Will the successful test launch of the Agni V lead to any change in India’s deterrence policy?
It is pertinent for readers to appreciate the quite dramatic shift that the eventual deployment of the Agni-V will mark in the evolution of the Indian nuclear arsenal. While the first two launches of the Agni-V – on 19 April 2012 and 15 September 2013 respectively – were of the standard Indian uncanisterised missile, following the pattern set with the Agni variants I through IV, the last test on 31 January 2015 was of a canisterised system mounted on a road mobile platform.
Why exactly is the Agni V strategically important?
Where the Agni-V is a potential game changer is in respect of the implications of its canister-launch system. This enables a missile to be kept in a state of readiness which permits rapid launching as well as offering the potential for reloading the launcher. By being placed on a road-mobile launcher, the missile will be much more survivable in the event of a preemptive strike.
This is in contrast to the Agni II and Agni III, which are rail-mobile and thus less flexible. It is interesting to note that India has chosen to keep all of its land-based missiles on mobile launchers as opposed to basing them in underground silos. This has been done to enhance the survivability of these assets. Compared to the Agni-V, the Agni-I through IV variants are shorter ranged and are not encapsulated in a canister.
Having missiles in a ready-to-launch mode would invariably mean mating the nuclear warheads to the missiles. It has been the subject of much speculation – some informed and much uninformed – about whether India keeps its missile warheads mated or de-mated. While de-mating warheads is an option with missiles such as the Agni-I to IV, it is not practical with canister-based systems – or with ballistic missile submarines for that matter. The Agni-V thus portends a shift in India’s nuclear deployment strategy.
Is there a bluff somewhere there?
Defence Research and Development Organisation (DRDO) claims that the Agni-V has a range of “more than 5,500km”. This is a masterly example of obfuscation. Chinese analysts have speculated that the range of the Agni-V exceeds 8,000km and that India is understating the missile’s range deliberately. This assertion has found some support with Indian analysts such as Dr Bharat Karnad agreeing with the estimation and urging India to conduct a full-range test. Whether it is true or not, India should not be shy about declaring the full range of its missiles and testing them accordingly.
Does this change anything with India’s deterrence policy?
Beyond the Agni-V tests, India must start articulating a clearer outline of what its Credible Minimum Deterrent (CMD) might envisage. This need not be made fully public but right now there is a deafening silence in respect of what CMD entails. Some degree of ambiguity is expected but now, with canister-based ready-to-launch missiles with mated warheads, it may be useful for India to shed a bit more light on its deterrent posture, if only to reassure its own citizens in the face of regular nuclear sabre-rattling from Pakistan and some thinly-veiled threats from China every time India defies Beijing.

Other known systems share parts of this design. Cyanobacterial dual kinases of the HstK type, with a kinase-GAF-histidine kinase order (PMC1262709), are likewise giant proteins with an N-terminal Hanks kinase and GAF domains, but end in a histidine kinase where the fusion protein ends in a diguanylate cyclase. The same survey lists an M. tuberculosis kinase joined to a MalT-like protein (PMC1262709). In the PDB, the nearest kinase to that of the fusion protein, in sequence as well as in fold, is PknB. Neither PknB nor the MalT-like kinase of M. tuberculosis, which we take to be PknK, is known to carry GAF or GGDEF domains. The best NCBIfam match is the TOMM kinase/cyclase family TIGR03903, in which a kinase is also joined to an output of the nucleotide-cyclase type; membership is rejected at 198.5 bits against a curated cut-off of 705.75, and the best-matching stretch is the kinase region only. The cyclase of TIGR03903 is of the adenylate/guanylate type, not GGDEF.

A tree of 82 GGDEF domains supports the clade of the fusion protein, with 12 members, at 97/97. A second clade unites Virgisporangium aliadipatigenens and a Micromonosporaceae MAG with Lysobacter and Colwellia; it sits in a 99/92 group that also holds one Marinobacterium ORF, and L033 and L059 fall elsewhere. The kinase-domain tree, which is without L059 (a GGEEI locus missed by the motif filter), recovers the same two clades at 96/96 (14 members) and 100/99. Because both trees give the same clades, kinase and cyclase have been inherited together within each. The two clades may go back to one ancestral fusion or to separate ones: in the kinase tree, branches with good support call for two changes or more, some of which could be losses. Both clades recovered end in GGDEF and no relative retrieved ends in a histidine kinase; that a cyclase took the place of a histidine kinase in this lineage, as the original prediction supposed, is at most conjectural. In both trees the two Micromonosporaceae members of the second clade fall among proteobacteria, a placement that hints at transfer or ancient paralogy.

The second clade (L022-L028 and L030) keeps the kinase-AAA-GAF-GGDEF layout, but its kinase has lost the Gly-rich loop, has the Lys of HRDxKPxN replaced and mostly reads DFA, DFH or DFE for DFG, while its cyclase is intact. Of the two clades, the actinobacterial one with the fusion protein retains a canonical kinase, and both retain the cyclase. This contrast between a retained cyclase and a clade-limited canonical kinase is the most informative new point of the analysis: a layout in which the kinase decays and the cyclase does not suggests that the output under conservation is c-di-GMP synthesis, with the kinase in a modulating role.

Indeed, since India began producing the Agni-II back in 2002, there have been questions about production capacity and the rate of induction of missiles. When Dr Christopher, director general of DRDO indicated that as of 2015 DRDO had met only 20 per cent of the SFC’s missile production capacity requirement and was only now boosting production, eyebrows should have been raised. Indeed, Dr Christopher was very clear that Agni-I and Agni-II would be produced in greater numbers.
Where does that leave production of Agni-III, IV and V? Furthermore, given that the range of Agni-III is deemed to be roughly that of Agni-IV, does production of the former make sense? It is reported that thus far, the three launches of Agni-III and two of Agni-IV have been undertaken entirely by the SFC. Does this mean that Agni-III and Agni-IV are in serial production?
The answers to these questions have often been somewhat vague with terms like “inducted into service” being common. This does little to give any guidance on what capacity has been developed. That the Agni-I and Agni-II are continuing to be produced and the III and IV being deemed “inducted into service” suggests that multiple production lines exist. Moreover, how do production facilities intend to cope with the pending induction of the INS Arihant and its K-15 (and later K-4) missiles? The answers to these questions cannot, for obvious reasons, be made public, but it is hoped that all necessary consideration and priority is being accorded to developing and sustaining the requisite production capacity.
Furthermore, the SFC has given little indication of its functioning or its capabilities. Only a speech delivered by Shyam Saran, former foreign secretary of India, in 2013, shed some light on command, control and communications features and the chain of command. This was most welcome but it is suggested that some controlled communication from the SFC is necessary and indeed essential to demonstrate the maturity and credibility of the country’s CMD.
As a mature nuclear power on the verge of deploying fully mated warheads on ready to launch missiles, it behooves India to be a little clearer as to its current nuclear status without compromising essential secrecy. In the meantime, it is hoped that India pursues its missile testing programme as aggressively as possible, accepting neither caps nor restrictions on range, production, or deployment of ballistic and induct such systems as are required in as rapid a time as possible. The nation deserves nothing less.